2023 Digital Video Storytelling, Long Form, Large Newsroom winner

Wy-Kan-Ush-Pum (Salmon People): A Native Fishing Family’s Fight to Preserve a Way of Life

About the Project

When the salmon are running up the Columbia River, Native people are there with them. They catch salmon for food, for ceremonies, and for their living.

Randy Settler grew up on the banks of the river. He drank, bathed and in its water, and operated his own boat from age 10. He also inherited from his parents and the generations before them the fight to preserve tribal access to salmon.

“Wy-Kan-Ush-Pum” takes us back to the beginning of that fight, 100 years before Settler’s birth, when tribes – under threat of violence – signed a series of treaties that ceded millions of acres to the United States. In exchange, they were promised rights to fish, hunt and gather foods in their “usual and accustomed places.” It didn’t work out that way: Dams, government policy, and environmental contamination all broke down tribal access to salmon. Scores of salmon populations are now extinct; others are on the brink.

The film is an extraordinarily beautiful rendition of Settler’s fight, one he is passing down to his nephew, Sam George, and to George’s 10-year-old daughter, Aiyana, the youngest member of the fishing crew. In Aiyana’s lifetime, salmon survival is predicted to decline by 90% due to warming ocean waters from climate change.

Over 16 months, Oregon Public Broadcasting and ProPublica teamed up to examine how salmon-related treaties have been violated repeatedly in the 170 years since they were signed – and to interweave present-day consequences for the family with the past.

The film captures fly-on-the-wall moments: joy of being out on the water; anger at what was taken; despair, knowing Aiyana likely won’t achieve her dream of being a fisherwoman.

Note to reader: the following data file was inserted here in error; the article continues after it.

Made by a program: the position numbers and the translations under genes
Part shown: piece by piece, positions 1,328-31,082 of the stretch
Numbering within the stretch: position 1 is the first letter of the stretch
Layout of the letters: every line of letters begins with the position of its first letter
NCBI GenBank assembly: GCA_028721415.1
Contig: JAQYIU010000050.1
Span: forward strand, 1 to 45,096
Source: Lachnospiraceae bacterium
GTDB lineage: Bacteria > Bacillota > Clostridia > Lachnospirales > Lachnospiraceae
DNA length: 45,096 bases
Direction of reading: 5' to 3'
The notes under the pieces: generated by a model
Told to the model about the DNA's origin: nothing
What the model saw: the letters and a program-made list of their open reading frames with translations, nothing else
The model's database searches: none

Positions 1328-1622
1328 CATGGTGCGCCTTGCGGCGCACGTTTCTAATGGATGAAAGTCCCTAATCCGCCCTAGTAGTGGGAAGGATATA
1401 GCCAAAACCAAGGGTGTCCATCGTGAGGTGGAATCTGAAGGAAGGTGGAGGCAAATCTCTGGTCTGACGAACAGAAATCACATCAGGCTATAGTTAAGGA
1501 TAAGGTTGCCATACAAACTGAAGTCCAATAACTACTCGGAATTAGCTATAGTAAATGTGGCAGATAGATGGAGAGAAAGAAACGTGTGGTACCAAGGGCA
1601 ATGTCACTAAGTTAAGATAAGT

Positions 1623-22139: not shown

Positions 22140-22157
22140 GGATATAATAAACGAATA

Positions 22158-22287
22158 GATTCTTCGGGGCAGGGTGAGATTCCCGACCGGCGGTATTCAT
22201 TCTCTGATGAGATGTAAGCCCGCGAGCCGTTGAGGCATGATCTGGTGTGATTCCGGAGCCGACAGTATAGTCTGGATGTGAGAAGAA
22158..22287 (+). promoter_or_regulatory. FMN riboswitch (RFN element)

In some ways, the innovations of this project were complex: Our larger team spent more than a year investigating the decline of salmon its impact on Indigenous people of the Pacific Northwest. Many innovative techniques were employed in that work from testing levels of toxics in fish to collecting data on the numbers of fish returning to hatcheries.

All of that work informs the story we tell in the film, which was released at the end of the series. It doesn’t repeat the harder scientific findings, though they are just below the surface of the story. The focus of the film is personal and experiential. It highlights the traditional ecological knowledge of the Indigenous participants. And it helps an outside audience understand a tribal perspective and the significance of salmon in their lives.

Our team understood that to tell this story, we needed to do more than reporters typically would to gain the trust of tribal communities. And in that sense, our innovation was simple: patience and respect. We spent many days in the field listening to tribal members’ concerns and learning about their lives. As they met with sources, our reporters put down their pens and cameras to help their subjects feel comfortable enough to speak frankly about their lives and the decades of fighting for the right to fish.

Judges Comments

A moving story that brings viewers deep inside a little-seen community, highlighting indigenous voices and their humanity. It provided an intimate view of what this changing environment feels like with immensely captivating visuals that even feature animation of a painting by one of the characters.